5
$\begingroup$

enter image description here

Which of these compounds - anilinium ion and para-fluoro anilium ion - is more acidic?

I thought the answer would the be first one since $\ce{-F}$ is an ortho-para activating group, so the electron density at the carbon at which $\ce{-NH3+}$ is attached would be more. I know that $\ce{-F}$ has a strong inductive effect, but since this is para with respect to $\ce{-NH3+}$, I thought I could say +M dominates. However the answer given was the second one. Why is this so and when can I neglect the inductive effect of halogen substituents in benzene to favour the mesomeric effect caused by them?

$\endgroup$
3
$\begingroup$

The best way to compare acidities of organic compounds is by drawing out the conjugate bases and figuring out which one is more stable. Molecules with more stable conjugate bases are more acidic, so doing the same here:

The conjugate bases are aniline and para-fluoro aniline respectively. The $\ce{-NH2}$ group shows +M (mesomeric effect), so on drawing out the resonance structures we find that the second resonance structure is more stable as the resulting negative charge is inductively withdrawn by fluorine group.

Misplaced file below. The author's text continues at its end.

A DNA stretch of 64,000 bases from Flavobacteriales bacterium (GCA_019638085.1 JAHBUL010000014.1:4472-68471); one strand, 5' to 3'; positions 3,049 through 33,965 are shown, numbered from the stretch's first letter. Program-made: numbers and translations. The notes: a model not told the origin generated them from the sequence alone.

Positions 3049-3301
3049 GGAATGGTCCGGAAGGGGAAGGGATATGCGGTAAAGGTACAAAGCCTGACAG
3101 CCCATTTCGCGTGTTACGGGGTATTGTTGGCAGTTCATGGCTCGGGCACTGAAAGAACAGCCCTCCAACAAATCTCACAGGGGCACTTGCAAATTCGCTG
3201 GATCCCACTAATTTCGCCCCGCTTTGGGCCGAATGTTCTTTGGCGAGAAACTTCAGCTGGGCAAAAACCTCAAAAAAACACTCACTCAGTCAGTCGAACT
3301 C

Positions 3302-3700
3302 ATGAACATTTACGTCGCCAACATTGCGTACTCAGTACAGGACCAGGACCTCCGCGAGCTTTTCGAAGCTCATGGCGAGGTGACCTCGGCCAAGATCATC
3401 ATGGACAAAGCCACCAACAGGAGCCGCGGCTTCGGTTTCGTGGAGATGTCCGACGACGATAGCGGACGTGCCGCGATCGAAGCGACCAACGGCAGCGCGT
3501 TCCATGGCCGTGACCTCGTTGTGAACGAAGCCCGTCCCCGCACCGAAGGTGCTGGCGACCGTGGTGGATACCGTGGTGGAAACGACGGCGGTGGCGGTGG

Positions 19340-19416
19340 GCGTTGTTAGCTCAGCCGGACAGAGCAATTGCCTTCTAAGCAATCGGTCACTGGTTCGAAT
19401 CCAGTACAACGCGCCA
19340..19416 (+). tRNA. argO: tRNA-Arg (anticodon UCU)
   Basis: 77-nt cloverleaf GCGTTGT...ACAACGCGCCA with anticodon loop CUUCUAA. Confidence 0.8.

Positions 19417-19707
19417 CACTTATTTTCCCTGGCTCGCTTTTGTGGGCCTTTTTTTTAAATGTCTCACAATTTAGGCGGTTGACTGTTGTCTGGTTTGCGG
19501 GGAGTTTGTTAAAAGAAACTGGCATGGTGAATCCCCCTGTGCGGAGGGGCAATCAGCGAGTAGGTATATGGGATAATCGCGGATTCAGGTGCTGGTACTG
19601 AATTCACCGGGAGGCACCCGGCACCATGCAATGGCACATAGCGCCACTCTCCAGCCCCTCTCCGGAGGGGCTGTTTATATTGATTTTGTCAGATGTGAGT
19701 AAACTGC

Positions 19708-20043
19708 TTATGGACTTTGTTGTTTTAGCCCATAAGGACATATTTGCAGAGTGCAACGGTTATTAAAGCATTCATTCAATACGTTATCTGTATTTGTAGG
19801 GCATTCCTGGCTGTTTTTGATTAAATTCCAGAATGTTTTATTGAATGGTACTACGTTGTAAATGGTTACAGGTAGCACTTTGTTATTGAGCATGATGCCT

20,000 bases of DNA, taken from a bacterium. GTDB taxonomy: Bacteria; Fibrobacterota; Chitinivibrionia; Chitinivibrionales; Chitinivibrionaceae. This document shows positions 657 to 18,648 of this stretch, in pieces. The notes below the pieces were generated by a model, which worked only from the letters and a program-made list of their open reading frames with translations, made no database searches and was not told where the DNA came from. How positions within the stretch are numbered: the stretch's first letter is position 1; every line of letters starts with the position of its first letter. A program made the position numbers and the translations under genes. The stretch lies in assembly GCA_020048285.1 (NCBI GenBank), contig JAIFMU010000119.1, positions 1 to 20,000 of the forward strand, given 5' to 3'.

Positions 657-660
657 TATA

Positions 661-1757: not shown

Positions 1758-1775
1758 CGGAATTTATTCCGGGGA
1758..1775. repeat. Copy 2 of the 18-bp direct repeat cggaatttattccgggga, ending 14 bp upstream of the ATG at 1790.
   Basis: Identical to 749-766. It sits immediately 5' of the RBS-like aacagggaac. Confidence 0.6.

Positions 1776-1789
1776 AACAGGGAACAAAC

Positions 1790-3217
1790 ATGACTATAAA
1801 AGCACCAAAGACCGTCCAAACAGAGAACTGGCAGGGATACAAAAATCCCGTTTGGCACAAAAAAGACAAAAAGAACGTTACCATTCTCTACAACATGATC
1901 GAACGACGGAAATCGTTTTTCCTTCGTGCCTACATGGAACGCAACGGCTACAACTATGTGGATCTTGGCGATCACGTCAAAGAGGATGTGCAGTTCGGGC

For halogens the inductive effect dominates over their positive mesomeric effect, especially in the case of fluorine (because it is small and the lone pairs experience a high effective nuclear charge,in case of large atoms like chlorine, bromine and iodine, the outer electrons are held weakly)

$\endgroup$
  • $\begingroup$ So the only place I can consider the +M effect is if I have electrophilic substitution happening? $\endgroup$ – Reya Apr 26 '17 at 10:54
  • 5
    $\begingroup$ The halogens are only weak activating groups,so +M effect can be considered in electrophilic substitutions. In general their inductive nature is more dominant than their ability to show +M effect $\endgroup$ – Daenys Targaryen Apr 26 '17 at 11:01
  • $\begingroup$ But the inductive effect is virtually non-existent for the 3rd carbon atom and beyond, whereas the +M effect on o/p would still be present. $\endgroup$ – xasthor May 3 '17 at 6:56
  • $\begingroup$ @xasthor if you draw the second resonance structure,the negative charge will appear directly on the carbon bonded to fluorine. Here inductive effect is dominant. $\endgroup$ – Daenys Targaryen May 5 '17 at 3:36

Your Answer

By clicking “Post Your Answer”, you agree to our terms of service, privacy policy and cookie policy

Not the answer you're looking for? Browse other questions tagged or ask your own question.